Arden Capital, the Johannesburg Stock Exchange (JSE)-listed private equity group that controls African Sun, is considering voluntary liquidation, painting a grim future for Zimbabwe’s hospitality industry.
Formerly known as Brainworks, Arden’s main investment is its 57% shareholding in African Sun’s 11 hotels, which include Crown Plaza Monomotapa, Elephant Hills, and part of the Victoria Falls Hotel.
In a notice on the JSE on Monday, Arden said that it can no longer remain in business.
It will now delist its JSE shares and unbundle them into Arden Enterprises Limited, a wholly-owned arm.
This will effectively make Arden a shell company and ease it into voluntary liquidation. The company said:
As a result of the ongoing erosion of value for shareholders, now coupled with the losses experienced by the group as a result of the COVID-19 pandemic thereby placing the company in considerable financial constraints, the board is proposing that shareholders consider and approve a Voluntary Liquidation of the company.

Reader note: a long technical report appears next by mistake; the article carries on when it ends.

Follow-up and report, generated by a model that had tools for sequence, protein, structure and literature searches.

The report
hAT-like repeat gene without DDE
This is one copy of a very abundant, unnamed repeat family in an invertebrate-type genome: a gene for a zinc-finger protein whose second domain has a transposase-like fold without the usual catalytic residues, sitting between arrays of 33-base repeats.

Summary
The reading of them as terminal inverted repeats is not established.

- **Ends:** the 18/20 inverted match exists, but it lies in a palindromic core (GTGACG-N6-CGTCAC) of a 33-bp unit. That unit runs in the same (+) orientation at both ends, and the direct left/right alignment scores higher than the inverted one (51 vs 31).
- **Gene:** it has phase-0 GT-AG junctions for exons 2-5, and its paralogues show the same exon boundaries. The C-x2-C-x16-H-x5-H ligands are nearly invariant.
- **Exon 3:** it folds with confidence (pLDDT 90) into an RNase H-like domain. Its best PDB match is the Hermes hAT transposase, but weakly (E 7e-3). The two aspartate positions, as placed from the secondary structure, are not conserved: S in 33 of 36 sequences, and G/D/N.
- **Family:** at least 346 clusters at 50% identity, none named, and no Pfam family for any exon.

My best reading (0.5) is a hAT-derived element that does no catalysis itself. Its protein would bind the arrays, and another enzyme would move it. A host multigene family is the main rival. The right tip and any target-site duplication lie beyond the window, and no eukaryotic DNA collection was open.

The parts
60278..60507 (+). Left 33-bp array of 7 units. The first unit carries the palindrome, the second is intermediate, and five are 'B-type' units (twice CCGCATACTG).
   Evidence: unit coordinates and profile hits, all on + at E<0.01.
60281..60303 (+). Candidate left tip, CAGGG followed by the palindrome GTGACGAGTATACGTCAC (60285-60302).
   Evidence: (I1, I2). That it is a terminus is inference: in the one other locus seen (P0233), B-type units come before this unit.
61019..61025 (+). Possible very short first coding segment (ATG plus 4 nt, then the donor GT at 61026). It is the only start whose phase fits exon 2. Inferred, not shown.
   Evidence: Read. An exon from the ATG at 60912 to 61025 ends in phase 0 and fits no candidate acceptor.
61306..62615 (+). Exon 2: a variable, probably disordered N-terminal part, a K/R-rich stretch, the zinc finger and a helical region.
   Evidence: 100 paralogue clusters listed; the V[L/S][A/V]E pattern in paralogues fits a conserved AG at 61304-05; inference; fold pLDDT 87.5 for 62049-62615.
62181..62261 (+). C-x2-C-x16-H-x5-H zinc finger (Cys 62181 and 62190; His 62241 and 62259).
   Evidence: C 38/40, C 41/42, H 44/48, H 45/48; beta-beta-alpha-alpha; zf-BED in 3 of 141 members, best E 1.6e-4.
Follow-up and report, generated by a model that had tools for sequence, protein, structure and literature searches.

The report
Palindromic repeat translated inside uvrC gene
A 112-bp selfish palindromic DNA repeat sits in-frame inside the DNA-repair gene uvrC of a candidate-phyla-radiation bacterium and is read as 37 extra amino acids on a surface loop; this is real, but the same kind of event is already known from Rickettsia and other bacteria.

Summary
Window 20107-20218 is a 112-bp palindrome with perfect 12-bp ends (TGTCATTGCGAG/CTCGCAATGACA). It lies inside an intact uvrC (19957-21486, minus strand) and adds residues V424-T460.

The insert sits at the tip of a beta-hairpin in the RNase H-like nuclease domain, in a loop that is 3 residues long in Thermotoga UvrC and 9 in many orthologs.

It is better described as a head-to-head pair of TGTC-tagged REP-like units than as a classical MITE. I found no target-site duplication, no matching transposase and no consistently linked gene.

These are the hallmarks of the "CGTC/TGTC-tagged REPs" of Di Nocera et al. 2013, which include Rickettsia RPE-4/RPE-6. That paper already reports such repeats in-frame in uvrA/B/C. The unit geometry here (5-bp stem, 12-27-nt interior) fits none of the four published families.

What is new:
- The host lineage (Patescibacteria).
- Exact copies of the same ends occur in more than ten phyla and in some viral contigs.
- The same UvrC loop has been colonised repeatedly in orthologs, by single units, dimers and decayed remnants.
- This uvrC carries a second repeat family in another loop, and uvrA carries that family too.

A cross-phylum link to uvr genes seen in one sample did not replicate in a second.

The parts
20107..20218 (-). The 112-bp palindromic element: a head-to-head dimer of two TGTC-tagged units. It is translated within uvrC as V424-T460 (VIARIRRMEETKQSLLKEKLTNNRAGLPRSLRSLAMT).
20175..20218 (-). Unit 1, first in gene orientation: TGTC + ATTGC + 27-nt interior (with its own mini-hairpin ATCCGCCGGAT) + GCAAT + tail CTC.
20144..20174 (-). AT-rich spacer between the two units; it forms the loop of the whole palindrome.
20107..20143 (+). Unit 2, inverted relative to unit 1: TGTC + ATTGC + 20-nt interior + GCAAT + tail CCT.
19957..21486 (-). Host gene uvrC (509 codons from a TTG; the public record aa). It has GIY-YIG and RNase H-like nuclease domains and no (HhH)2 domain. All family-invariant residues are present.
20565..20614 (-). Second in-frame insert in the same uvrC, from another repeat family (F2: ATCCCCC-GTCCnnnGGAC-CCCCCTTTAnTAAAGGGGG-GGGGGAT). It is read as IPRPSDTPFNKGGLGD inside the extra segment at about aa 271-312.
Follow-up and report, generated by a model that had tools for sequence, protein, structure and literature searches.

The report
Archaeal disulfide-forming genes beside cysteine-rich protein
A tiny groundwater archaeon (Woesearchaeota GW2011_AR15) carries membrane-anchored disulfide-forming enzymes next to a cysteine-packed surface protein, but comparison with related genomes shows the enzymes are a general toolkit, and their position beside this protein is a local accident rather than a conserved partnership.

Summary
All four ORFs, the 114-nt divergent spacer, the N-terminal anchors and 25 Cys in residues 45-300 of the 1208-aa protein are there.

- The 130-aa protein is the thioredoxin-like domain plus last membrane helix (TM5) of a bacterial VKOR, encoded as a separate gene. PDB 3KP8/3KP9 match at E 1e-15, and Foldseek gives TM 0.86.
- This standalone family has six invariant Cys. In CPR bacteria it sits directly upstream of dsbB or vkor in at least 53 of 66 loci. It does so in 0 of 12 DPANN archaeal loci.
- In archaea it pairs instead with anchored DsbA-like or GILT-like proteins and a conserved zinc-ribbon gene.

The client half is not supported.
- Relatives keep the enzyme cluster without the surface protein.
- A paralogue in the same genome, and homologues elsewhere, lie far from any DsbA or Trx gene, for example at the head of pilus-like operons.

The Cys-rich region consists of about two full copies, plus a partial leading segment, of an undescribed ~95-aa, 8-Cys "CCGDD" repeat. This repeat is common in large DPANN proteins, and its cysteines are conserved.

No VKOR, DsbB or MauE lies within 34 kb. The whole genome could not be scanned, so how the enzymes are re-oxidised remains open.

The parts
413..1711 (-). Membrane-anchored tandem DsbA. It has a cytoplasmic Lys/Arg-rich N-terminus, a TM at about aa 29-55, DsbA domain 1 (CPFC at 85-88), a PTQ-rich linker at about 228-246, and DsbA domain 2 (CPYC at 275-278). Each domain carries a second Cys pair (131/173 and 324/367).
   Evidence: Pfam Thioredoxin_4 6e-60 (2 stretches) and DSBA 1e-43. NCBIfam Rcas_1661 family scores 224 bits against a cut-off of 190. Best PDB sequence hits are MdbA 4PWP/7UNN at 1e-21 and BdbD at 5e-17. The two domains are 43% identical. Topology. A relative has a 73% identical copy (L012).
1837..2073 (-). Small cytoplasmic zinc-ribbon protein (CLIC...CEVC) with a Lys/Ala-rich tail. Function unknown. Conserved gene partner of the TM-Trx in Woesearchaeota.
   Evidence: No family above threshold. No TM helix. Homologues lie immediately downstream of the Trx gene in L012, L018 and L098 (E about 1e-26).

This is after exhausting all other avenues of seeking further investment from shareholders.
Arden is also selling its logistics company FML, which moves bulk fuel across the region, for US$1 million.
Arden will use that money to pay off debts, the company said in a separate JSE notice.
In June, Arden had warned that it was reconsidering its investment in African Sun due to the prolonged impact of COVID-19 on the hospitality industry.
Occupancy rates at African Sun fell to 23% last year, down from 48% in 2019.
This was the lowest ever level of business for the company, as tourism dipped 85% in Zimbabwe and global travel suffered.